Background The erythrocyte sedimentation rate (ESR) is an inexpensive laboratory test for assessing the inflammatory response but is influenced by a wide range of factors, many of them unrelated to inflammation.
Objectives To assess whether ESR levels correlate with the level of disease activity at each visit and whether a change in ESR could be useful in predicting future changes in disease activity.
Methods 34000 visits in a prospective SLE cohort were analyzed for correlation between ESR and level of disease activity. A regression model of 12,000 pairs of visits separated by 80-100 days, with change in ESR as the independent and change in disease activity as the dependent variable was used to assess whether a change in ESR correlates with a concurrent change in disease activity. 6141 visit triplets (three consecutive visits where adjacent visits are separated by 80-100 days) were used for analysis of whether a change in ESR between the 1st and 2nd visit as the independent variable can predict a change in disease activity between the 2nd and 3rd visit as the dependent variable. Multiple linear regression models were used to adjust for age, race, gender, body mass index, complement levels, hematocrit, dsDNA, prednisone use, hydroxychloroquine use, and immunosuppressant use. Follow-up visits while patients had cancer, bacterial infection, pregnancy or were in renal failure were excluded.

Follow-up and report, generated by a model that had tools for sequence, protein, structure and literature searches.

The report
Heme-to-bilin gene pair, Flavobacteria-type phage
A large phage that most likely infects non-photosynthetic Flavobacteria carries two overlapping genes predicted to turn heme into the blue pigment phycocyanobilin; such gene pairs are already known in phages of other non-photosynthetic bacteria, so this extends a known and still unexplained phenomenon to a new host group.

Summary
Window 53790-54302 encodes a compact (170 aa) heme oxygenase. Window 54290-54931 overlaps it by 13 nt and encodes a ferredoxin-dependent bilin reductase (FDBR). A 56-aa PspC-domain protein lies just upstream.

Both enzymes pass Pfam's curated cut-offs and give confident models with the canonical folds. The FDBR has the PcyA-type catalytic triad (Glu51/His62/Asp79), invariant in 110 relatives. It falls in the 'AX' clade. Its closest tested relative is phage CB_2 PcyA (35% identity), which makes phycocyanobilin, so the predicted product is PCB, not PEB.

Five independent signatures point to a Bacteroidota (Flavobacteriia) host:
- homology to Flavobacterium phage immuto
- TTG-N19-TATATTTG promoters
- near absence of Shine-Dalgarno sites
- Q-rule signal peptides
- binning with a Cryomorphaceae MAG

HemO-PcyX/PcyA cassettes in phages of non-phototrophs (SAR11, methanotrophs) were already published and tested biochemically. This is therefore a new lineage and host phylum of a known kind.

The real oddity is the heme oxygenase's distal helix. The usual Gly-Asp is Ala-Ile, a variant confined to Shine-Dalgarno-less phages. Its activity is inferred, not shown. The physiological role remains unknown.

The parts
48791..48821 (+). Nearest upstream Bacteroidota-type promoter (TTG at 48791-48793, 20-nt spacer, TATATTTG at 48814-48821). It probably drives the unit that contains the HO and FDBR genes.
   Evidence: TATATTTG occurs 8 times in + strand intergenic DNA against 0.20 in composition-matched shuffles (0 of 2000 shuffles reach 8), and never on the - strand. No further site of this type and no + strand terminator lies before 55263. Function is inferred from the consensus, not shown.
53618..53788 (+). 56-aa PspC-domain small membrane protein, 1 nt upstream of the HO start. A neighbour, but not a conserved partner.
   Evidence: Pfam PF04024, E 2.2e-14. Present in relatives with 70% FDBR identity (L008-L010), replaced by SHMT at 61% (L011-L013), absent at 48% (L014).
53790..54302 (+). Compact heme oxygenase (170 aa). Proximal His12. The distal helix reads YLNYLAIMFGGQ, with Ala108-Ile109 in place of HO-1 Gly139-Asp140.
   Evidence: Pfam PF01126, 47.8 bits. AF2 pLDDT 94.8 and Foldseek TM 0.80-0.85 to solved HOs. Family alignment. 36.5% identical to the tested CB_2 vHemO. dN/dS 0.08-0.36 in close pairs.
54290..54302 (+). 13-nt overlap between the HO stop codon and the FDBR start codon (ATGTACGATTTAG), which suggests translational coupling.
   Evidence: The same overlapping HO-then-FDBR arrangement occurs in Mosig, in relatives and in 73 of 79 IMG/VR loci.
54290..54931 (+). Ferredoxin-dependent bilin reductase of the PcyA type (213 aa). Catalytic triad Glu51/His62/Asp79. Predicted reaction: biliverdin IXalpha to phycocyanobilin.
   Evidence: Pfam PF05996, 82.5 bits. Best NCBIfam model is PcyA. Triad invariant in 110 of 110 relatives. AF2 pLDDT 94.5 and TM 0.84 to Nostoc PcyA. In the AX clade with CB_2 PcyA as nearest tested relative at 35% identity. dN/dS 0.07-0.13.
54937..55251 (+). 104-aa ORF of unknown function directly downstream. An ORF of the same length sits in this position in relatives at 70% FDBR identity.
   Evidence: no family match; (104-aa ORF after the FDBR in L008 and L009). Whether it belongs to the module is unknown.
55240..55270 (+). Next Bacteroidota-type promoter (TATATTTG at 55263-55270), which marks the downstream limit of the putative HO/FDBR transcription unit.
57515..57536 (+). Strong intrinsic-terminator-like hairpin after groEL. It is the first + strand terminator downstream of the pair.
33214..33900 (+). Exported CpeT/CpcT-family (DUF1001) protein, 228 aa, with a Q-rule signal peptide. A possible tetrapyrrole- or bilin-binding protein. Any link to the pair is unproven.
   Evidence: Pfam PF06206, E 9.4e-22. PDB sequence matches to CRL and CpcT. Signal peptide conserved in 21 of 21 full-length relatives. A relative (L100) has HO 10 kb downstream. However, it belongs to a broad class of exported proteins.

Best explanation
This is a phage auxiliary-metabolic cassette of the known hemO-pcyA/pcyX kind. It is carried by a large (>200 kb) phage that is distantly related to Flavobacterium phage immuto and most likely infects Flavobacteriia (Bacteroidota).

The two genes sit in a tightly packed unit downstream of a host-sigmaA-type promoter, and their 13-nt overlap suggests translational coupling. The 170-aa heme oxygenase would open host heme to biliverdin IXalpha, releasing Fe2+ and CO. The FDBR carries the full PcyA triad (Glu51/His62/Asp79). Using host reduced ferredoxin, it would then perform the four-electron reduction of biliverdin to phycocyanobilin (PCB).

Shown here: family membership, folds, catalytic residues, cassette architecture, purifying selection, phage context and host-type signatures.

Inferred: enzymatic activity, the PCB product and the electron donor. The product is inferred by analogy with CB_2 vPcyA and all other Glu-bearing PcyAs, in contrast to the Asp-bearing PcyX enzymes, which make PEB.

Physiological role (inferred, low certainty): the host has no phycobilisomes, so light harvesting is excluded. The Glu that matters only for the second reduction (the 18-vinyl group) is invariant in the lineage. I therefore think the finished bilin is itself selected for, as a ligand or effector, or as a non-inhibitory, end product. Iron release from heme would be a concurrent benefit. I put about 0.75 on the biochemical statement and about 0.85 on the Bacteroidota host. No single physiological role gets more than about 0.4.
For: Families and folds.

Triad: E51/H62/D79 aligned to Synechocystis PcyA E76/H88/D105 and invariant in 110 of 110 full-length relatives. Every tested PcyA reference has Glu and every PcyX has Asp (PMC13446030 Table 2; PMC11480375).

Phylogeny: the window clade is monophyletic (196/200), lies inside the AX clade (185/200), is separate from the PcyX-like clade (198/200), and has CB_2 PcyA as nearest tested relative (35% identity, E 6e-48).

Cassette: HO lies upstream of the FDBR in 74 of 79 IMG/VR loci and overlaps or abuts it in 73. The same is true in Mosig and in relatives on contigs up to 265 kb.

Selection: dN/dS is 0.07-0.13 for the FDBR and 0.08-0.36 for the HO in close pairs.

Results After adjusting for confounding factors, ESR correlated with SLEDAI, physician global assessment (PGA), fatigue, renal, joint, rash, serositis and hematological visual analogue scale as well as with proteinuria (p<0.0001), but not with neurological or pulmonary VAS or hematuria. A change in ESR between two visits was highly correlated with a concurrent change in PGA, renal, fatigue and joint visual analogue scale (p<0.0001) but not with changes in other organ activity indices. This correlation remained strong after adjustment for changes in body mass index, complement levels, hematocrit, dsDNA levels, and prednisone, hydroxychloroquine or immunosuppressant doses. There was no statistically significant correlation between change in ESR between the 1st and 2nd visit and change in disease activity in between the 2nd and 3rd visit.
Conclusions ESR is one of the oldest markers of inflammation, but still retains its utility as a marker of disease activity and is strongly associated with disease activity in SLE measured by SLEDAI, PGA and with organ specific activity including serositis, rash, joint, renal and hematological visual analogue scale. A change in ESR between two visits was highly correlated with a change in PGA, renal, fatigue and joint VAS but not with changes in other organ activity indices. Changes in ESR between two visits do not predict changes in disease activity in a future visit. Until more specific biomarkers are validated, serial ESR may join the ranks of useful markers for assessing changes in renal disease activity.
Disclosure of Interest None Declared